Animal of the Issue: Meerkat

One of Zoo Atlanta’s meerkats in Atlanta, Georgia. Photo Credit / Briana Magistro
One of Zoo Atlanta’s meerkats in Atlanta, Georgia. Photo Credit / Briana Magistro

One of Zoo Atlanta’s meerkats in Atlanta, Georgia.
Photo Credit / Briana Magistro

By Briana Magistro

SC Staff Writer

Almost ten years ago, the show “Meerkat Manor” was one of the most viewed shows on educational television, reaching its peak on Animal Planet in 2007. This all-natural reality show followed the Whiskers family throughout four seasons of ups and downs.

This documentary displayed meerkat behavior in a way never documented before. Although “Meerkat Manor” reached thousands of viewers, most people could not tell you much about the meerkat’s biology!

Meerkats are part of the mongoose family, including other species native to Europe, Asia, and Africa. They also reside in the suborder Feliformia, a broad group of animals displaying a specific bone formation in their ears.

Other animals in this group include cats and hyenas. All of these animals are carnivores, although their diets vary greatly.

Insects and invertebrates, including centipedes and scorpions, are first on the meerkat’s menu. Meerkats are immune to the scorpion’s venom.

Meerkats will also indulge on snakes and small lizards. They have even been known to dine on small mammals, like shrews.

When foraging for food, one member of the family will keep watch, usually finding an elevated viewpoint, like rock formations or trees. The lookout will make loud warning calls if a threat is nearby. Upon hearing the warning signal, the clan will take cover where available, or retreat to their den.

Meerkats exhibit long claws for digging up food or making dens. They also use their claws to climb trees or brush for lookout positions.

They have tan, yellow, or gray coats with gray, black, and brown stripes or spots. Their patterns are unique and are used within research projects to differentiate individuals.

Meerkats also have the “Serengeti sunglasses,” or dark markings around their eyes. This marking pattern is common in desert mammalian predators to help them see in the bright sun.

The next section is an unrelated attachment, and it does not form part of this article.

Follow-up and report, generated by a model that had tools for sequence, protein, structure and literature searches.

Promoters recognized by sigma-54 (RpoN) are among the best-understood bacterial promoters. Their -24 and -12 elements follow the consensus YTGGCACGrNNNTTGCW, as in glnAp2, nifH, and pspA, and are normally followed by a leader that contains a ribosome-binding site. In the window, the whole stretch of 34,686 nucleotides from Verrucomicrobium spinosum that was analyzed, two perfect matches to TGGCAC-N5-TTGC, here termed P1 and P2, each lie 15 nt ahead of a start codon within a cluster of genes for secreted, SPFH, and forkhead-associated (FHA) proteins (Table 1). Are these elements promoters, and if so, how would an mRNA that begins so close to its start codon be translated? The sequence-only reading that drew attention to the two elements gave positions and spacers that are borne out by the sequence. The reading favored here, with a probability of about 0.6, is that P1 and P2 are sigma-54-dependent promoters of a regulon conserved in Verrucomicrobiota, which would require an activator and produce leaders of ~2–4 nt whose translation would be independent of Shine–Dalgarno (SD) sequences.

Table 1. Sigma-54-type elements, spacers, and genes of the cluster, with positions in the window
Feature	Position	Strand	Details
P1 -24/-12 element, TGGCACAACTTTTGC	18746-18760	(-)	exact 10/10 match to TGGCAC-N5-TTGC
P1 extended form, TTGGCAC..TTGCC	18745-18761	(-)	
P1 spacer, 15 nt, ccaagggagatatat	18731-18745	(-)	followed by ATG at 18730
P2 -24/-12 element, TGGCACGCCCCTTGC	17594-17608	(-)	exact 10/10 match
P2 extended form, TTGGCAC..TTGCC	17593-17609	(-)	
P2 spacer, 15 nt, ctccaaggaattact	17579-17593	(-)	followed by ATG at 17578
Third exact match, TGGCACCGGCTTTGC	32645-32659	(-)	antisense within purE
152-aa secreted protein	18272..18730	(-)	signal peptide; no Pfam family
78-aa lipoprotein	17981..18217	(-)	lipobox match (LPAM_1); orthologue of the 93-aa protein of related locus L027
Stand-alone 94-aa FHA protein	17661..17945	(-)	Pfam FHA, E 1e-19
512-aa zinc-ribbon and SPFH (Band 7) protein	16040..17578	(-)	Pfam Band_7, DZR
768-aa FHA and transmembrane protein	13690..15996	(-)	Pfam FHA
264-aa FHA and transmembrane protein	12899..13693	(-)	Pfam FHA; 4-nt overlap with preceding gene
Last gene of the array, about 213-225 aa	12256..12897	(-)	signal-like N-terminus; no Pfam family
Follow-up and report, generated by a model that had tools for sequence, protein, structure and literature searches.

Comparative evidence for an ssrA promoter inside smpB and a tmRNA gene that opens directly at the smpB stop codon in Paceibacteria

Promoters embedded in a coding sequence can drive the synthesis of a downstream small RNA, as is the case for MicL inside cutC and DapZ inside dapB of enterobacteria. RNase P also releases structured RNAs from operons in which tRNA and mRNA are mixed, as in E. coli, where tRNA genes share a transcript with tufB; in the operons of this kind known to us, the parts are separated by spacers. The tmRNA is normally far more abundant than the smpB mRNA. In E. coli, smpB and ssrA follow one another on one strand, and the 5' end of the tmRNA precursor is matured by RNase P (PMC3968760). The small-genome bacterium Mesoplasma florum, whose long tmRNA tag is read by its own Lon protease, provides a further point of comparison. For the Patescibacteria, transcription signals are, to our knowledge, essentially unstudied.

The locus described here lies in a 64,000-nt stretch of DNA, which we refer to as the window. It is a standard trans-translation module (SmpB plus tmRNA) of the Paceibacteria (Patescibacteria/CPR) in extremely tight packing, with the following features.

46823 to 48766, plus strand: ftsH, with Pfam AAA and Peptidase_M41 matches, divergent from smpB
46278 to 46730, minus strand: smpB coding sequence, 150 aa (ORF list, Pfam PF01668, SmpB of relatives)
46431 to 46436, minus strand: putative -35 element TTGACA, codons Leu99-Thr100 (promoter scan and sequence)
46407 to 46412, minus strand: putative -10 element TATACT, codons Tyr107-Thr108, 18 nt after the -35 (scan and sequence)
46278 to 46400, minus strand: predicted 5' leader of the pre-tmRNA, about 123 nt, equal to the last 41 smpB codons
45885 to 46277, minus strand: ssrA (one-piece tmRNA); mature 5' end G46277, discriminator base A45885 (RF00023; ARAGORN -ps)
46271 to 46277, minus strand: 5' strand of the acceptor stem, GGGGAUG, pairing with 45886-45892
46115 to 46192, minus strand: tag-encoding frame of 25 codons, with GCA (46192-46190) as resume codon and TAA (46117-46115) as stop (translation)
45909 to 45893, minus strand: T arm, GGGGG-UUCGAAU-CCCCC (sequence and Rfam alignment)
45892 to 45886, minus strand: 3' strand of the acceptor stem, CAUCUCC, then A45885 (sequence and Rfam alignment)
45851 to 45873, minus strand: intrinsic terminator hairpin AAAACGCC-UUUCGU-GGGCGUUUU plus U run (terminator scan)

Baseball players who use black paint underneath their eyes employ the same concept. Other animals that display these facial markings include the cheetah and the African wild dog.

The meerkat’s skin is black. This helps to keep their skin from burning. They have a relatively bare patch on their bellies, which is exposed when they stand up. The dark skin absorbs heat, helping to warm up the meerkats in the cool mornings of the desert.

Families, or clans, are made up of over a dozen individuals, and have been known to grow to over 40 members.

Meerkat societies are matriarchal, meaning that there is a female head. An alpha couple leads the family, and this couple is the only pair freely allowed to reproduce.

Commonly, other females reproduce, but their offspring are in danger.

Like with lions, any babies from any other female besides the alpha are subject to judgment and possibly death. This is to ensure that the alpha’s offspring have the best chance at reaching adulthood.

The female who broke the rules may even be exiled from the clan and forced to survive on her own. Typically, exiled females do not survive, as they lack a protective group and ample foraging territory.

However, this is how most new clans begin.

It is also possible that the alpha female may let her relative’s babies survive, and may even help to nurse them. All females capable of lactating will do so when there is a new litter. They will also act as babysitters when the rest of the clan goes foraging.

Although this species has an advanced hierarchical system, they face many natural predators. These enemies come in all shapes and sizes, including hawks, eagles, jackals, and venomous snakes.

Some of these predators, like the snakes, may follow meerkats into their dens, their only hiding place.

The other main danger for meerkats is another rival clan. Rival clans, including those of exiles, encroach on territory, reducing the supply of food and other resources.

Some encounters are harmless and even involve shouting contests. Others end in bloody scenes.

Fights end when one clan’s alphas are dead, or when one clan retreats. The latter is the more common ending, although wounds from fights can become fatal later.

Some clans, however, live harmoniously, sharing outer edges of territories. The amiability of neighboring clans typically depends on the hostility of the alpha couple, or on how scarce food is during a dry season.

Meerkats are found in many major zoos, including Zoo Atlanta in Atlanta Georgia, and the Smithsonian Zoo in Washington D.C.

Meerkats are too territorial to be kept as pets, and they require copious amounts of socialization and attention.

These animals display amazing organizational and socialization skills. To see them up close, try to visit a zoo that has a meerkat exhibit. There are also many research projects currently being conducted with meerkats in South Africa.

Email Briana at:

bmagistro@live.esu.edu

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